maneuvering schemes of gerrymandering, annexation, at-large voting, roll
purging and voter intimidation through the 1990s. The black vote, which is
so instrumental when our vote is counted, was again targeted in several
ways. The impact of that targeting affects us all: 1) the longest lines; 2)
the most spoilage and discounted votes; 3) the most eliminated provisional
votes; 4) the most inconvenienced; 5) the most victimized by precinct
Ohio, 34 days. Suppose five states had to wait 34 days for certification of
their elections. And they could be if people had the will to contest it.
Suppose the Ukraine or South Africa or Iraq had to wait 34 days before
Why 92,000 ?unprocessed? ballots, mostly among the poor, under-counts and
over-counts, often a result of a breakdown in machinery. Why 150,000
provisional ballots in 88 counties, using different voting machines and
standards for counting and dis-counting votes? Why in 2004 do we have an
uneven field, different standards and faulty machines characterizing the
vote in too many places?
Why in Warren County did election officials issue a ?homeland security
threat,? then lock out the press and independent observers while they
secretly counted the vote? Why are voting machines still used that are
privately owned by partisans, still subject to glitches and manipulation.
Why are absentee ballots and military ballots still issued in an
inconsistent, inaccurate, and untimely fashion?
Who is accountable? The integrity of the voting machines, and the machine
tabulation, is an issue. We need a forensic computer analysis of the voter
machines, and the machines left in the warehouses must be impounded.
The whole idea that partisans with a vested interest in the outcome can be
in charge of the election is unreasonable. Suppose two teams play for the
Super Bowl - and the election is the Super Bowl of American politics - and
the owner of the home, incumbent team was in charge of the judges, referees
and the replay. That would be unacceptable. Impartiality is a key to the
very appearance of fairness.
I urge Congress to come to Ohio to conduct a hearing and you will see the
classic calamity of a state?s rights election at work, with different
standards at work in every state and county. The richer counties have first
class machinery, the poorer counties get poorer machinery. People in rural
areas are yet another victim of the uneven playing field.
Do not take lightly the exit poll gaps, the most superior of ?polls.? Don?t
take lightly the vote disparity between Kerry and Democratic Supreme Court
candidate Ellen Connally ? in Cuyahoga County where she is best known,
Kerry got 120,000 more votes than Connally; but in 15 other Ohio counties,
Connally?s margin over her opponent was 190,000 votes GREATER than Kerry?s
margin over Bush. This abnormal and inexplicable vote disparity demands
In conclusion, this race is not over until it is certified that every vote
is counted and honored and until a full investigation shows that every vote
was honored. And for the future credibility of the process, we must end the
practice and precedent of voter suppression and disenfranchisement schemes.
As we approach the 40th year of the Voting Rights Act ending voter
discrimination in the states, we must honor the legacy of Dr. King and LBJ,
both of whom faced persecution and marginalization. It is a success of
their efforts that has given America credibility, our democracy bragging
rights around the world. Can you imagine America today without a Public
Accommodations Bill or the Voting Rights Act. Yet, the forces that resisted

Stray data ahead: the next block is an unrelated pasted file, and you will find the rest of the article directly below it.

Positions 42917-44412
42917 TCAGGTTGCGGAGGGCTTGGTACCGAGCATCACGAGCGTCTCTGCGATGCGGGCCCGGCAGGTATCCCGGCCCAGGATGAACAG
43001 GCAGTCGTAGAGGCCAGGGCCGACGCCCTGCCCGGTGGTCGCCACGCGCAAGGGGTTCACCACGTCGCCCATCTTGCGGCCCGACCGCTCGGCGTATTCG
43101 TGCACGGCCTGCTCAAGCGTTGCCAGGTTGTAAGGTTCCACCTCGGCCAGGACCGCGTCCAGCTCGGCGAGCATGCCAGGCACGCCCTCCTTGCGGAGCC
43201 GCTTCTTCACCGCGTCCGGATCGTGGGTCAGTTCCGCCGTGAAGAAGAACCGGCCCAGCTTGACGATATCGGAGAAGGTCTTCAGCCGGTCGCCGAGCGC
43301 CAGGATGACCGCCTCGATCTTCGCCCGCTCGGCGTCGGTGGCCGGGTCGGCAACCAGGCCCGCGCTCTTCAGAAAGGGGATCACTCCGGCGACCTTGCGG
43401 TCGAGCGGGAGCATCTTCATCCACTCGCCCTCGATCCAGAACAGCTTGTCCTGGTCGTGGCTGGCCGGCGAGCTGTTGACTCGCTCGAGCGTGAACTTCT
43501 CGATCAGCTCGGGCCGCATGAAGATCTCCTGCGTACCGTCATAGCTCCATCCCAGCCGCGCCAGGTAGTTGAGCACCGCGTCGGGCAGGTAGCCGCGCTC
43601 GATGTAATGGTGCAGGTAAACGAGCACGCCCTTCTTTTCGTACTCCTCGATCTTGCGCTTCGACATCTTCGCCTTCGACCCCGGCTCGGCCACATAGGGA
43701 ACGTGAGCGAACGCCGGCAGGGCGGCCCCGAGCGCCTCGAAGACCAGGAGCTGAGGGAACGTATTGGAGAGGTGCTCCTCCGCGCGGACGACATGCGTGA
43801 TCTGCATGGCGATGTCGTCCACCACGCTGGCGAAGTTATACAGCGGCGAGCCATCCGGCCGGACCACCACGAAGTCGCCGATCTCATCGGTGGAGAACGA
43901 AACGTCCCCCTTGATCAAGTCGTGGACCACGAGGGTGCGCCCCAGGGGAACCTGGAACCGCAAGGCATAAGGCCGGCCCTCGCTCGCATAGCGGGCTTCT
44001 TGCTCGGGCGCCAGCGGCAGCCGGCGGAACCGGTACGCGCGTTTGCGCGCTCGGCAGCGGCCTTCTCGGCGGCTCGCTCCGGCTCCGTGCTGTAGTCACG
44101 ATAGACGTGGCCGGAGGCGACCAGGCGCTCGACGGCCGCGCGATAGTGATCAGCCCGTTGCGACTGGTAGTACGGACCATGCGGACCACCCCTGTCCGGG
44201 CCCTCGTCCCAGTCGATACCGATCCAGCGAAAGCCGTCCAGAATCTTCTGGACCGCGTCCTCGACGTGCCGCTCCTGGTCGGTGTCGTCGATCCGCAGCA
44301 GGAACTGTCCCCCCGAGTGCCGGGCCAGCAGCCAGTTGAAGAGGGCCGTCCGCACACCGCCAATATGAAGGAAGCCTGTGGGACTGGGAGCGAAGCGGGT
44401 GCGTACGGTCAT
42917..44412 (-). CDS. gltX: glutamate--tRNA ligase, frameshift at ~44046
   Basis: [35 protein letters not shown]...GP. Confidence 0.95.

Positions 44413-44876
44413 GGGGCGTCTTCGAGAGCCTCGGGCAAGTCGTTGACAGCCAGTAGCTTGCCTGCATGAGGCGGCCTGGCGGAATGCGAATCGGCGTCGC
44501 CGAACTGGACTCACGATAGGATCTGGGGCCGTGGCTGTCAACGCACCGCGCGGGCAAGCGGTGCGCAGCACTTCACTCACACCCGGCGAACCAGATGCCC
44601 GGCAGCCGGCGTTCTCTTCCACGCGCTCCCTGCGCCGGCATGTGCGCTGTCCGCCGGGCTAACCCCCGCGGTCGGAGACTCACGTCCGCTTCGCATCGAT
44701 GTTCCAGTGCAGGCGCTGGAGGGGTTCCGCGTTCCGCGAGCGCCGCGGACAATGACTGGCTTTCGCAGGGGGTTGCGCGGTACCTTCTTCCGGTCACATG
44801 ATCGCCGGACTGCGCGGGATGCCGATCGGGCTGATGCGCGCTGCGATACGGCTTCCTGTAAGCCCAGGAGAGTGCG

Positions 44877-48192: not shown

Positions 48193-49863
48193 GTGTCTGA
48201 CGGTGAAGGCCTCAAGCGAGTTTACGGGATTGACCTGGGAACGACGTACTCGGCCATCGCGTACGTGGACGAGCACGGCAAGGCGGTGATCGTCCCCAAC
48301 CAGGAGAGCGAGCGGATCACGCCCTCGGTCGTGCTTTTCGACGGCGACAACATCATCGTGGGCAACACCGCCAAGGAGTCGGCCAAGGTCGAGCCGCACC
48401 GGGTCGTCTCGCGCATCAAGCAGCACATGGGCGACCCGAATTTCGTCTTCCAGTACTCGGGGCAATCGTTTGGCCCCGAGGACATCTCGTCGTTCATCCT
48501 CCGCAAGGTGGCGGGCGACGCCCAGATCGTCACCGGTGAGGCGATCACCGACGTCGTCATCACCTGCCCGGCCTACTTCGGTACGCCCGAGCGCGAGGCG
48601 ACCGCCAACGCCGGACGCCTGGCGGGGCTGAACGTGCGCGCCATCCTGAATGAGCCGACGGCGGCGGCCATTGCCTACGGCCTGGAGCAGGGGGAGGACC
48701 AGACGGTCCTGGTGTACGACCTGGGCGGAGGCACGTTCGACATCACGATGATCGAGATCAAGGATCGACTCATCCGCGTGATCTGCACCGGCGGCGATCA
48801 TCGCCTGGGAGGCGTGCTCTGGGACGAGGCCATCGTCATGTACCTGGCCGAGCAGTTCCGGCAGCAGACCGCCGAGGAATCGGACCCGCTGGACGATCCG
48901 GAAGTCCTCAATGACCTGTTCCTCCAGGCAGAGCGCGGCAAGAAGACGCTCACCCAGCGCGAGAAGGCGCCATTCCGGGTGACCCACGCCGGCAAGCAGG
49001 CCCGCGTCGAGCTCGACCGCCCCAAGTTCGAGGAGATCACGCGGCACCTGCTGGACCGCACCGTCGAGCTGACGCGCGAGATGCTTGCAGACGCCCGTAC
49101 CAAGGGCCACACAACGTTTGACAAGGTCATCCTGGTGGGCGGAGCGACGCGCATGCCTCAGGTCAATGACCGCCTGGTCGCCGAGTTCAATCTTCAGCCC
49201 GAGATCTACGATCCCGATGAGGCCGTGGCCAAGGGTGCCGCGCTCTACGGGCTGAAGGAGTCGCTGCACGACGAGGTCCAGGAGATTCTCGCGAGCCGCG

those landmarks then, never ceased to find ways to manipulate and undermine
Those who never fought for the right to vote at home, who did not stand
with Dr. King and sought to marginalize Lyndon Johnson, now bomb for
democracy in Iraq, and judge democracy in the Ukraine, hold high standards
for democracy in South Africa. I cry out for this sense of urgency and an
even playing field for democracy at home.
I make this appeal today to honor the great American dream to make this a
more perfect union, to complete the task of honoring America?s highest
promises. Arguably, the four highest moments in our democracy are:
1)1865: the 13th amendment to abolish slavery, after 246 years;
2)1954: the end legal Jim Crow in 1954, after nearly another century;
3)1964: the passage of the Civil Rights Act;
4) 1965: the passage of the Voting Rights Act.
This promise of the founding fathers, this dream of Dr. King, this passion
of Lyndon Johnson, must be honored.
The unfinished business of this drive for an open, fair and transparent
democracy is our focus today. Before we go any further debating amending
the Constitution for immigrant access to the White House, though a noble
cause, it will only help some, we should implement a one person, one vote
democracy ? the direct election of the President ? that will motivate a
51-state campaign inclusive of the entire nation, not just 20 battleground
states. Congressman Jesse Jackson, Jr.?s (D-IL) bill, which calls for a
Constitutional amendment on the right to vote for all U.S. citizens ?
Presidential elections with one set of rules where the individual right to
vote is protected by the U.S. Constitution ? will go a long way toward
achieving this goal.
Lady Liberty was presented to America as a gift by the French when we made
the bold and bloody step to end slavery and save the Union, when we broke
with the tyrants of suppression, colonialism and slavery ? it elevated
America to the mountaintop of hope, it allowed the whole world to look at
our beacon light. It is in the context of the conquest for a more perfect
union, of America honoring it?s promise that Lady Liberty can say, ?give me
your tired, your poor, your huddled masses ? who yearn to breathe free.? We
must not allow the flame to go out, even for the least of these.
Today this is our challenge and our opportunity. Let us celebrate 2005 the
year of Martin Luther King and Lyndon Johnson, the year democracy was born
for all of us. The year we complete the unfinished business of American
democracy. My brothers and sisters, we have unfinished business. Keep hope
Alex J. Sagady & Associates http://www.sagady.com